85-grain Sierra HP Varminter 3103 fps/1810 ft/lbs
100-grain Nosler Partition 2861fps/1830 ft/lbs
100-grain Nosler ballistic tip 2916 fps/1870 ft/lbs
None shoots outside ½” at 100 yards, all of which is most impressive and powder charges do not exceed 30-grains. In terms of ability the 6.5 Grendel really does offer 223-like characteristics with near 243 Win performance without any problems. To sum it up; the law on small deer, which allows 22 centrefires on muntjac and CWD is in fact a joke, as you can’t shoot roe and larger. But one of these in your hand means you are ready for anything and I would include fallow and reds given you keep the ranges sensible. Or switch to the 85-grainer and it makes a lethal fox buster that is also good for deer…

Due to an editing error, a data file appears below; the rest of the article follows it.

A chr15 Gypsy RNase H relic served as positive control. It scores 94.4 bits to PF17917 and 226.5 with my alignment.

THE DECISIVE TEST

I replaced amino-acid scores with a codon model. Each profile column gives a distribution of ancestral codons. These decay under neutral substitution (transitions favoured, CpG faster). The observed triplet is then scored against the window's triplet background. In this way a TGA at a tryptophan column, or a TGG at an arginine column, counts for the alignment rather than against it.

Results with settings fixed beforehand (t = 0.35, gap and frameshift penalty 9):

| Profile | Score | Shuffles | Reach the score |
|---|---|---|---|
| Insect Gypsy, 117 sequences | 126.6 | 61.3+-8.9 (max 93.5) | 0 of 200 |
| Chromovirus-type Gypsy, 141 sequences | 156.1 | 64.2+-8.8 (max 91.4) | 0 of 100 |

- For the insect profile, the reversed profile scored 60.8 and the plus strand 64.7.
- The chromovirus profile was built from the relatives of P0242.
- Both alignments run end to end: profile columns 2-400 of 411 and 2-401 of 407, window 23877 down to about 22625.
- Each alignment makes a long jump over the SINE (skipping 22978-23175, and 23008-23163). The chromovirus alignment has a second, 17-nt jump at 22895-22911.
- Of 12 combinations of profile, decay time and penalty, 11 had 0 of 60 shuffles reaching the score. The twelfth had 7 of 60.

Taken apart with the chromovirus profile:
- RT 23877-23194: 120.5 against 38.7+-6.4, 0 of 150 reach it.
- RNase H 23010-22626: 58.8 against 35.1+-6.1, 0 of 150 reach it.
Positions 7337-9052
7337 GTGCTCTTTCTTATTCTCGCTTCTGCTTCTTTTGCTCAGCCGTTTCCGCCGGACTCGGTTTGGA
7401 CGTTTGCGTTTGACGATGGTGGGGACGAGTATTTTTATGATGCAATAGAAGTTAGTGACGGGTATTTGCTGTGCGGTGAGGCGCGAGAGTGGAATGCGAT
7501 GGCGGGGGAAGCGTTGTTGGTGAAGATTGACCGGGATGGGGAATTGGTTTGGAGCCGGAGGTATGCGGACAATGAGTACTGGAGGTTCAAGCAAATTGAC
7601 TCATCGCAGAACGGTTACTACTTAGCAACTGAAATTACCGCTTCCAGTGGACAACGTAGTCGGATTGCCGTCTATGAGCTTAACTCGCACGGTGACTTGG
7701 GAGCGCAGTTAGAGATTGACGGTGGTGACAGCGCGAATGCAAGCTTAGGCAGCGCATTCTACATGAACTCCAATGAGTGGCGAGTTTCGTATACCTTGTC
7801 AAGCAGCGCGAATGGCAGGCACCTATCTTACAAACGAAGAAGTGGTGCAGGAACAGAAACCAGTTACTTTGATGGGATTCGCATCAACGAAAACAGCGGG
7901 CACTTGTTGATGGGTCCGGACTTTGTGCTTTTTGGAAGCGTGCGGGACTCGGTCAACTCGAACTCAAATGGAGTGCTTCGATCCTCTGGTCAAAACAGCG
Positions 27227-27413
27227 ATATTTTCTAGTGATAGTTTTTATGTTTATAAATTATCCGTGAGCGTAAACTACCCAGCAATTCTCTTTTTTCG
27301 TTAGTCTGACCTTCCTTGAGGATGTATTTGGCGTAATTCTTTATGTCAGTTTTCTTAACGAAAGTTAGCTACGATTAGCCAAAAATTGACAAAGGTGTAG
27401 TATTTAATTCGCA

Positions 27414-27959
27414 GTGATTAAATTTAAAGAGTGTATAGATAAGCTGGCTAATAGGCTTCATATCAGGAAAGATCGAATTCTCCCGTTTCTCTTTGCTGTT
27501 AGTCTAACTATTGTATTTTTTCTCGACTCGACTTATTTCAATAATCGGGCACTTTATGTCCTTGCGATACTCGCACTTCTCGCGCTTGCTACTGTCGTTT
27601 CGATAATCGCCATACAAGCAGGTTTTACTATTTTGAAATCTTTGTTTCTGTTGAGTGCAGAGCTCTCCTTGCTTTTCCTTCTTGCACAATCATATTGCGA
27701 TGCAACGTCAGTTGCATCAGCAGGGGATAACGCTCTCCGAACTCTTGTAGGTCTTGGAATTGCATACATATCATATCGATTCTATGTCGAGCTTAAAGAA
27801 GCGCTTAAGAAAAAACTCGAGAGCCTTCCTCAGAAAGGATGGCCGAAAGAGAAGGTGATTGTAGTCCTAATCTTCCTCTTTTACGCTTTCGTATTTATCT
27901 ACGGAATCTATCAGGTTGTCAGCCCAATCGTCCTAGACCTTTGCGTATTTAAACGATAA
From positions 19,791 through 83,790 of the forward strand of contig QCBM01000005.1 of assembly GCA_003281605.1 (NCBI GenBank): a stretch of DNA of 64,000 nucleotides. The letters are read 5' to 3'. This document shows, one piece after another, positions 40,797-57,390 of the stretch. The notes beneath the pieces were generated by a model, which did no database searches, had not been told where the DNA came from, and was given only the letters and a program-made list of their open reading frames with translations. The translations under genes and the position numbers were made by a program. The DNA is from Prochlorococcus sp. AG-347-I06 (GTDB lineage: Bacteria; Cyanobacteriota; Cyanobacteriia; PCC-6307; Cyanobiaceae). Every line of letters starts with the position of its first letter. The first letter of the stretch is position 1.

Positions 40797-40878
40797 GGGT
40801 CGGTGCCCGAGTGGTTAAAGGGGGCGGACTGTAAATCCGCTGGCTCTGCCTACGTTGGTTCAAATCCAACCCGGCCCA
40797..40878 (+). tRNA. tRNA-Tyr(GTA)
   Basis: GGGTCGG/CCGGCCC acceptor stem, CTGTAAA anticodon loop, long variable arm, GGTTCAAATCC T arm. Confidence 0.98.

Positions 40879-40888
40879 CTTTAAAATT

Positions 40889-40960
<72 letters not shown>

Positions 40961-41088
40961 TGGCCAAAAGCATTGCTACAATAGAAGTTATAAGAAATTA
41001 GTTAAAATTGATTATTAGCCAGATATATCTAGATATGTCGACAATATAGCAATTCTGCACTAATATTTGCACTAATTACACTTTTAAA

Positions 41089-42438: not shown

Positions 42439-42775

The CZ/Grendel combo has already been blooded and took two nice roe does recently using the Partition load. Full penetration, a perfect pass through and near instant kill with little peripheral damage were the results. As we shall see I have pushed the loads up to 140-grains with varying success, but you can go as heavy as 130-grain and still get 1700 ft/lbs +.
OK there are many better calibres out there in terms of range and power, but the Grendel impressed the hell out of me as something that gets the job done very effectively at realistic hunting ranges. Next month load development, abilities, the rifle in the field and calibre comparisons.